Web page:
As the year went on, I leaned on my CarolinaTIP Coach, Mrs. Stewart. She was someone full of knowledge that I could rely on to help me with my classroom needs and emotional support. She showed me how to approach guided reading. Mrs. Stewart also made it clear that if I ever needed anything, I could call or message her at any time. She would regularly call and ask how I was doing. We would talk about anything and everything, even if it had nothing to do with school. I knew that I could count on her for anything.

As the year went on, I leaned on my CarolinaTIP Coach, Mrs. Stewart. She was someone full of knowledge that I could rely on to help me with my classroom needs and emotional support. 

I implemented guided reading, but James still did not progress. My school decided to train my reading coach and me in a new program that required us to work with 1-2 students for 30 minutes each day. We realized there was a missing link in helping students like James and hoped this would bridge that gap. 

When we first began, James was very nervous. We sat at my small group table, and I said to him, “Look around the room. Everyone has headphones on, and they will not be able to hear you reading. I am the only one that will be listening to you.” As soon as I said this, I could see the relief on his face. He needed reassurance that he was not going to be judged by his peers. 

I worked with him every single day. He opened up more and more. He became excited to read. Before, I would have to ask him multiple times to sit down with me, and now he was reminding me of when we were supposed to begin. He finally felt comfortable reading to me. He even started to open up about what he loved to do outside of school, like playing football. 

At the end of the year, I received an email from James’ mom saying, “I want to thank you for everything you have done for my child this year. You have helped my child more than I could have ever imagined.” When I read the email, I was relieved, excited, and overjoyed. I knew that I had worked very hard to make sure James succeeded. As a new teacher, I believe that I was more willing to seek out the help that I needed to support my students than others more secure in this profession. In the end, all the teachers at my school were trained in the program this past summer. We realized the importance of reaching all students at their level and implementing a program to help them succeed.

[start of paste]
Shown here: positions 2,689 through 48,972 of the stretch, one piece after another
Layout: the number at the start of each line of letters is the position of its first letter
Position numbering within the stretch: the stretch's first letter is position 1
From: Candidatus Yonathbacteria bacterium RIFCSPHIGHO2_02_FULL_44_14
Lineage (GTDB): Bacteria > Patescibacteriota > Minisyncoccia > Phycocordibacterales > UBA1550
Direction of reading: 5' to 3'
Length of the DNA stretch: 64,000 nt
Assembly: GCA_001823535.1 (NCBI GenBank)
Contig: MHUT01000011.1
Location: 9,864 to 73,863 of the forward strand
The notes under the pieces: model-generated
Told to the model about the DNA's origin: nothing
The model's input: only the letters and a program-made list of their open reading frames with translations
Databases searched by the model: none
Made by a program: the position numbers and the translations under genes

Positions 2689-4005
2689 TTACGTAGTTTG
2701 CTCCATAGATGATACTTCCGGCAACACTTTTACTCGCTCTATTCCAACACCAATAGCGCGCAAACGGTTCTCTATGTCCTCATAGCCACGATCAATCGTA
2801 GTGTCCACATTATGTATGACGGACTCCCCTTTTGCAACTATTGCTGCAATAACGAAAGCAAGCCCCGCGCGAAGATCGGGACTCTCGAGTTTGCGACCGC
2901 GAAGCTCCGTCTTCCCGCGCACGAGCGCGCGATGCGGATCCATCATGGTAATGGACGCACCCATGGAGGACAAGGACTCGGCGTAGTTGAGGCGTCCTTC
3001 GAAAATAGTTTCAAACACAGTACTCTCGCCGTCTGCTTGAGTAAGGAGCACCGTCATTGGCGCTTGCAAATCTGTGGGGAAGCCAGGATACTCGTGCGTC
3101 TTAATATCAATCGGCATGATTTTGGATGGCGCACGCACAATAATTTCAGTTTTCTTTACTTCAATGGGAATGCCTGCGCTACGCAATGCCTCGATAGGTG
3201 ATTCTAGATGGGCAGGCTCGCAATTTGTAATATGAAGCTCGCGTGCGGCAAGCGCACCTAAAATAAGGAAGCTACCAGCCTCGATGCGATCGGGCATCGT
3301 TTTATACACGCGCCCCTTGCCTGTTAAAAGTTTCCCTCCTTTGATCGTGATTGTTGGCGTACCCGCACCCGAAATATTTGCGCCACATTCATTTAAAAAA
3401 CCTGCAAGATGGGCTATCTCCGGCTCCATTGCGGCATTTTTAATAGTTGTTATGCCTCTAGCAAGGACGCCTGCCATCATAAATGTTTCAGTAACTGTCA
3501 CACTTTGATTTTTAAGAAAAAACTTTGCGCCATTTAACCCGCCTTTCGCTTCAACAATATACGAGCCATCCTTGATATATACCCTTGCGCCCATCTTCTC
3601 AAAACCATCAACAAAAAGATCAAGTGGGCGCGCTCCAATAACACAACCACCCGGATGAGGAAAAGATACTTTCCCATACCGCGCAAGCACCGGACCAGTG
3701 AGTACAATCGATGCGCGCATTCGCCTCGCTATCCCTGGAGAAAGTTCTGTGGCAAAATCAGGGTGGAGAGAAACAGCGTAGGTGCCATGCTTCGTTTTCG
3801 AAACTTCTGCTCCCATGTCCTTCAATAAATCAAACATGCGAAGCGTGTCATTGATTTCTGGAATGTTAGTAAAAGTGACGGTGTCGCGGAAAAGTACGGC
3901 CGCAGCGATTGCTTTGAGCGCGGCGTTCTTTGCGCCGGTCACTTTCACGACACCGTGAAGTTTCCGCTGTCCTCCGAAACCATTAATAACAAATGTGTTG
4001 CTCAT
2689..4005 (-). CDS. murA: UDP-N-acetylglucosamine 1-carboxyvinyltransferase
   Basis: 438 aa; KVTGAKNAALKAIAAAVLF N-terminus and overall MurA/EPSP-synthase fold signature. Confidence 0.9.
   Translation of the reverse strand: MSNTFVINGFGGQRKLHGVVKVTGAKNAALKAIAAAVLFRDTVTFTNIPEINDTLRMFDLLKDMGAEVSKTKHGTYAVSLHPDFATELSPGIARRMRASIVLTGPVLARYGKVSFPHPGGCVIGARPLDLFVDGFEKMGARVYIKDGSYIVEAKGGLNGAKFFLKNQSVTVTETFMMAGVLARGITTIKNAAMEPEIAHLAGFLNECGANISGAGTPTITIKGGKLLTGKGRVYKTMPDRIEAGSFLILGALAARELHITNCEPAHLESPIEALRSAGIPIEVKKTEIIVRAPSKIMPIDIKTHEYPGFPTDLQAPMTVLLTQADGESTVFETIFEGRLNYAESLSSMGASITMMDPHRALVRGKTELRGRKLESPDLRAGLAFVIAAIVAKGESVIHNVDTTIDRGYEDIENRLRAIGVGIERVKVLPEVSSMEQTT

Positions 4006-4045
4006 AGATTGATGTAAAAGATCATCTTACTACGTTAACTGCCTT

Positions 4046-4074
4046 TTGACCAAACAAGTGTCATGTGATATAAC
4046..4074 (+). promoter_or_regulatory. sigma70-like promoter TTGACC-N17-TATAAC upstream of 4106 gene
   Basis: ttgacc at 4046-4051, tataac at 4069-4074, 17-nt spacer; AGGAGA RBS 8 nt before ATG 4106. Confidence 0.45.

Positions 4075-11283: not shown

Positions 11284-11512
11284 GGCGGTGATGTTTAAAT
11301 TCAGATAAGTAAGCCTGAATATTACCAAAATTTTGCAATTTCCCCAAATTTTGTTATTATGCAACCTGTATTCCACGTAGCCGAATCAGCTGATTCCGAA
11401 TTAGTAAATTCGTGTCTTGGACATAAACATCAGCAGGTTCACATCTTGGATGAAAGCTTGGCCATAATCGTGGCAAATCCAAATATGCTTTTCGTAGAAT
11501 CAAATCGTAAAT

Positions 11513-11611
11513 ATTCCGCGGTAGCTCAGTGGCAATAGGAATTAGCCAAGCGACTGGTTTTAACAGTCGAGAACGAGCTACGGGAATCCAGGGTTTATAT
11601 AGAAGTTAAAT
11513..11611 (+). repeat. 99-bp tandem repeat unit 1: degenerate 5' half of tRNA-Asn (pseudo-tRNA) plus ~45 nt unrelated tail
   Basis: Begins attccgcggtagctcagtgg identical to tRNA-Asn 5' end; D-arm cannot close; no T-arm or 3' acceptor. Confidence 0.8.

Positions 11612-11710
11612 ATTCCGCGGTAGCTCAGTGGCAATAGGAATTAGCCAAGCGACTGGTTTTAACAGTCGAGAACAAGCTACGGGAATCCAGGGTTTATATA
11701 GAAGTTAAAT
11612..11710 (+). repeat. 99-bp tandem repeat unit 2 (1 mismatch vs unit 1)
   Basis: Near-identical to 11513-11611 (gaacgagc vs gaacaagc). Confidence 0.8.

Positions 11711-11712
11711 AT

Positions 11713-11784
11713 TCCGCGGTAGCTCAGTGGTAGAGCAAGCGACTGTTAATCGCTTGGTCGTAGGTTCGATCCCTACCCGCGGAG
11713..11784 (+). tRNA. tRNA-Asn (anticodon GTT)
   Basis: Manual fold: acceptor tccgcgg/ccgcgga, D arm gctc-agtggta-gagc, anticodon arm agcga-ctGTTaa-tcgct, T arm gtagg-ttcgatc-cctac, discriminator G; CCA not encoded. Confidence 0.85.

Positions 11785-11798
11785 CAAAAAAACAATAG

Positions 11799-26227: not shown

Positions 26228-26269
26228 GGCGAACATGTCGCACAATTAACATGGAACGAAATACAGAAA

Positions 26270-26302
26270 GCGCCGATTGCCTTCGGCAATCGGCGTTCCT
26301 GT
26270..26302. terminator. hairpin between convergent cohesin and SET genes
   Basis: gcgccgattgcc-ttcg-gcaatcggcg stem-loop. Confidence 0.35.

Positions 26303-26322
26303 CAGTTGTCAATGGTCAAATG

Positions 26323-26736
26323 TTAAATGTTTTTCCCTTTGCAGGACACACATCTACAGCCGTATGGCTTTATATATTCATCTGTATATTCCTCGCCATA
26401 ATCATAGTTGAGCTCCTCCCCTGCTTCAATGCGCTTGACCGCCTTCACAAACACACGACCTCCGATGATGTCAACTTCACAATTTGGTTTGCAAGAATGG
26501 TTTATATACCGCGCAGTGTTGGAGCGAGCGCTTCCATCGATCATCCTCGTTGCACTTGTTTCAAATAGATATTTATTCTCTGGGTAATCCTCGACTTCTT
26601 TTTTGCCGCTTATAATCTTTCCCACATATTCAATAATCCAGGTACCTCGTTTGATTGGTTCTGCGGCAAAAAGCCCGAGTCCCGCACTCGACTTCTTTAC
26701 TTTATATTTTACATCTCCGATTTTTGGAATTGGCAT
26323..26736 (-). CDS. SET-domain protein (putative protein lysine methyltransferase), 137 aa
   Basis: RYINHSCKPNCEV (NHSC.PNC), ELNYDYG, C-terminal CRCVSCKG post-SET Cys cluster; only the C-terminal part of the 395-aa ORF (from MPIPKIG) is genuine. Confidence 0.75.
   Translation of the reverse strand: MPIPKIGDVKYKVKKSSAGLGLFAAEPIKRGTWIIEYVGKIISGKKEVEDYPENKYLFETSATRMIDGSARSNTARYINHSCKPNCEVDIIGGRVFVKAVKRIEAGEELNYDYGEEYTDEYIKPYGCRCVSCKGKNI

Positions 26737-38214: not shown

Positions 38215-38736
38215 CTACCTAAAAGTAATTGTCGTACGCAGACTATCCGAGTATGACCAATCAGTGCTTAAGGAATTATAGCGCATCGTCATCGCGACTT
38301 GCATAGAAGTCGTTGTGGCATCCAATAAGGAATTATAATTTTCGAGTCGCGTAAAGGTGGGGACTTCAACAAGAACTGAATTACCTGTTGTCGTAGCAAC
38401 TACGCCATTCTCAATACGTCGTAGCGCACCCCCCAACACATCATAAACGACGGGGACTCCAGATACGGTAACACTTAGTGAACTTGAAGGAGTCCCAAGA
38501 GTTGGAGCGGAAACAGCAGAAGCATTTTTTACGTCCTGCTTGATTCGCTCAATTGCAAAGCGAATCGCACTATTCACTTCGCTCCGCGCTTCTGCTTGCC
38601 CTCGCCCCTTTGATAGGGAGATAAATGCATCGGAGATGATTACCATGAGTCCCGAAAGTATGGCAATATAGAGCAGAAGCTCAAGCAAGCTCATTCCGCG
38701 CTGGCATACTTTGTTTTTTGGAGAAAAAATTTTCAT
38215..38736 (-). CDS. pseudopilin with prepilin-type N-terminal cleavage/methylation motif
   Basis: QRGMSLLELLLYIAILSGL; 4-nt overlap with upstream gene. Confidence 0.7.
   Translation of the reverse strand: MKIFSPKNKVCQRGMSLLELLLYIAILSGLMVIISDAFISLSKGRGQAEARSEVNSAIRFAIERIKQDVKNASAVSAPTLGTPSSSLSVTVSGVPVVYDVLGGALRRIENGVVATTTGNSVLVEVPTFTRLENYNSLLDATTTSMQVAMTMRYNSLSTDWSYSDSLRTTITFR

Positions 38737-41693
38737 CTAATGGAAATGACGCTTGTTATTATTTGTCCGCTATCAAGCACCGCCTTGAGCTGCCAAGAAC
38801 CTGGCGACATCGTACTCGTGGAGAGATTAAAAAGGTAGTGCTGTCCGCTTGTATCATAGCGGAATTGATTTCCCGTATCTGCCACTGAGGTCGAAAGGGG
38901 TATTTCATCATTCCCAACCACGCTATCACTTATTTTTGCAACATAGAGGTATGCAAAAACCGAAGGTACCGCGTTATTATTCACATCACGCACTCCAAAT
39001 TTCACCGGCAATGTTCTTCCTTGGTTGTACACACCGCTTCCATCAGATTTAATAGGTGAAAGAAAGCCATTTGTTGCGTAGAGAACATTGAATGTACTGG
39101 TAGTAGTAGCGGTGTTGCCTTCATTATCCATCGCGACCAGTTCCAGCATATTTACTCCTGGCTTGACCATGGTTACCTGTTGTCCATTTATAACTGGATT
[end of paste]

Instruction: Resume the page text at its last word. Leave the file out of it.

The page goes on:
CarolinaTIP has helped me realize that even though I was a first-year teacher, I knew what I was supposed to do in my own classroom. Though college prepared me to manage a room full of students, CarolinaTIP helped me feel confident in what I was doing. They heard my concerns, celebrated my achievements, and followed my highs and lows. They encouraged me to share my struggles and in return, helped me when I asked. All new teachers deserve the opportunity to show what they are capable of — even in their first year. 

We just need others to believe in us. 

Though college prepared me to manage a room full of students, CarolinaTIP helped me feel confident in what I was doing.